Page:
We like to give credit where credit is due. Though the institutional church completely botched it this weekend, there were many individual members who stepped up to demonstrate that their personal faith is not based on spite and bigotry or policies and procedures, but on true love and compassion. I want to fulfill the wish of  Lon Young, author of the blog, Buddha in the Beehive, who wrote:

“I want the history books to include this detail: When this policy was leaked to the public, my Facebook feed was filled with good people, mostly Mormons, letting the gay community know their phones would be on all night, that they could call, could reach out, in case any of them were thinking of taking their own lives. I want the history books to show that the policies of our leaders did not reflect the highest values of the people they have been asked to lead. They issued policies and we posted suicide hotlines.”

Here are some Mormons who got it right:

The neighbor who sent flowers

Those who posted supportive Facebook statuses


The ones who sent friendly texts




The saints who delivered cookies, cookies, and more cookies





The Bishop who sent this message


And This Courageous Musician

Before performing a special musical number this Sunday, he read this to the congregation:

“I would like to dedicate my portion of this song to all my fellow LGBT brothers and sisters who are struggling in the wake of the church’s new policies. I want to bear my testimony that God loves you for who you are and how he created you and me. Gays, lesbians, those who are bisexual, transgender, or questioning are far too likely to struggle with depression, anxiety, loneliness, bullying, and substance use. They are also at high risk to end their own lives by suicide. They also experience high rates of family rejection and are even kicked out of their homes. This is spiritual abuse and has to end. But change doesn’t happen unless good people stand up for what is right, even if it’s uncomfortable. The first line of the song we are about to perform says ‘take my life and let it be, consecrated lord to thee.’ I hope as a body of Christ we can dedicate our lives to reaching out, serving, welcoming, and providing resources for all people, especially those that are the most vulnerable among us. This is the hallmark of a true disciple of Jesus Christ.”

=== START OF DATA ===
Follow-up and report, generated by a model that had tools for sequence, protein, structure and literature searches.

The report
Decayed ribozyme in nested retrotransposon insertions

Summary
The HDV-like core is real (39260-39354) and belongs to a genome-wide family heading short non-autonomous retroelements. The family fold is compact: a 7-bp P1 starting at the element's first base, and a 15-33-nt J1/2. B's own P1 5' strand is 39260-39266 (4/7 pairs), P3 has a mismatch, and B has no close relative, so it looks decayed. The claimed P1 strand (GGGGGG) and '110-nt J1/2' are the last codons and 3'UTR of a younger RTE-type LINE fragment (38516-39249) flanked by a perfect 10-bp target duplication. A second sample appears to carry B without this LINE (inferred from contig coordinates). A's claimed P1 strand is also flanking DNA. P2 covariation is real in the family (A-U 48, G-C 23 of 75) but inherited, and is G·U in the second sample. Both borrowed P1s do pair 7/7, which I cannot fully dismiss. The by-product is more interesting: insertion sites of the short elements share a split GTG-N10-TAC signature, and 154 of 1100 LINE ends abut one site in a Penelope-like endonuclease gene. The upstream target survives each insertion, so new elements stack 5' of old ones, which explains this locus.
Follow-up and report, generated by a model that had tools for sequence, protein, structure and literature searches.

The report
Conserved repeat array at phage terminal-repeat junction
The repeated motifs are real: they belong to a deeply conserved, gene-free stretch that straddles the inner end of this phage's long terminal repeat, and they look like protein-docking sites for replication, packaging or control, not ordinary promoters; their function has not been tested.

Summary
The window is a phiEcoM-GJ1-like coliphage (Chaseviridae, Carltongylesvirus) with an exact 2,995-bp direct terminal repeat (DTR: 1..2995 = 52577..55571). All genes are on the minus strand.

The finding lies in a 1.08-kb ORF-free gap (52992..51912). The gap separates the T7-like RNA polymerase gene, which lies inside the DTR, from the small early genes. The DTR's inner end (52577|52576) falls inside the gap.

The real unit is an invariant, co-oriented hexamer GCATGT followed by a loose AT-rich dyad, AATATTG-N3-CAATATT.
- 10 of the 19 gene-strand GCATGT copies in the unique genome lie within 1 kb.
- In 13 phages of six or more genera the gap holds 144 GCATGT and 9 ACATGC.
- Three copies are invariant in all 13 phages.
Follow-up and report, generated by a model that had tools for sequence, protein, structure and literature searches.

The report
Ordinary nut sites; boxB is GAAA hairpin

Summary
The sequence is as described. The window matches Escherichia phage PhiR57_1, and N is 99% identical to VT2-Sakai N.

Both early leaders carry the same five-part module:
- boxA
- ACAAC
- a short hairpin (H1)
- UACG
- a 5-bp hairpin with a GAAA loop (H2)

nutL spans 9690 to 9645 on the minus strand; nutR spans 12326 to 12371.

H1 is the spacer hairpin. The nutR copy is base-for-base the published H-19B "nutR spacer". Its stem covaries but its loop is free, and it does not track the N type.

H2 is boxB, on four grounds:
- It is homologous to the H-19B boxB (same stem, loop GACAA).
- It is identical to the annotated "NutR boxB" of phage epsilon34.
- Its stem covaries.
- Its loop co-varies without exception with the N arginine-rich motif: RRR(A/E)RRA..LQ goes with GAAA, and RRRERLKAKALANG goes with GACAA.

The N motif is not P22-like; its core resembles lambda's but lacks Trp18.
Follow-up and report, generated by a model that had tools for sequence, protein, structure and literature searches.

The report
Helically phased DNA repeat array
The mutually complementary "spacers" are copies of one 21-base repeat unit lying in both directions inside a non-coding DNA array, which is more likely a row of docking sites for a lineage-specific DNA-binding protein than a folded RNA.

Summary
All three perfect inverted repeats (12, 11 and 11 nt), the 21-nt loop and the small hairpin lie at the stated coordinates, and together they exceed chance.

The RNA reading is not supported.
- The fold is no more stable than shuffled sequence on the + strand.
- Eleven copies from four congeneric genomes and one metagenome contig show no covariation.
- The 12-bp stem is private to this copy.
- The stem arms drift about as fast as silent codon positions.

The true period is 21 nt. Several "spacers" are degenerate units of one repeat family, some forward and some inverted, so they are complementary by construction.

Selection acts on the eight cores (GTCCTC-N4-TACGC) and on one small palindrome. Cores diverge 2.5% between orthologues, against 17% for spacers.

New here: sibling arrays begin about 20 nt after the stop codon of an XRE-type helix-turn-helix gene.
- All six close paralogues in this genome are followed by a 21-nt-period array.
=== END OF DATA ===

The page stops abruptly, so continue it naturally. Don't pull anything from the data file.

Tanner Gilliland is a writer, artist, and jazz hands enthusiast based in Salt Lake City, UT. Check out his art on Instagram: @tanner_gilliland, his jokes on Twitter: @tgilliland789, and his poverty on Venmo: Tanner-Gilliland

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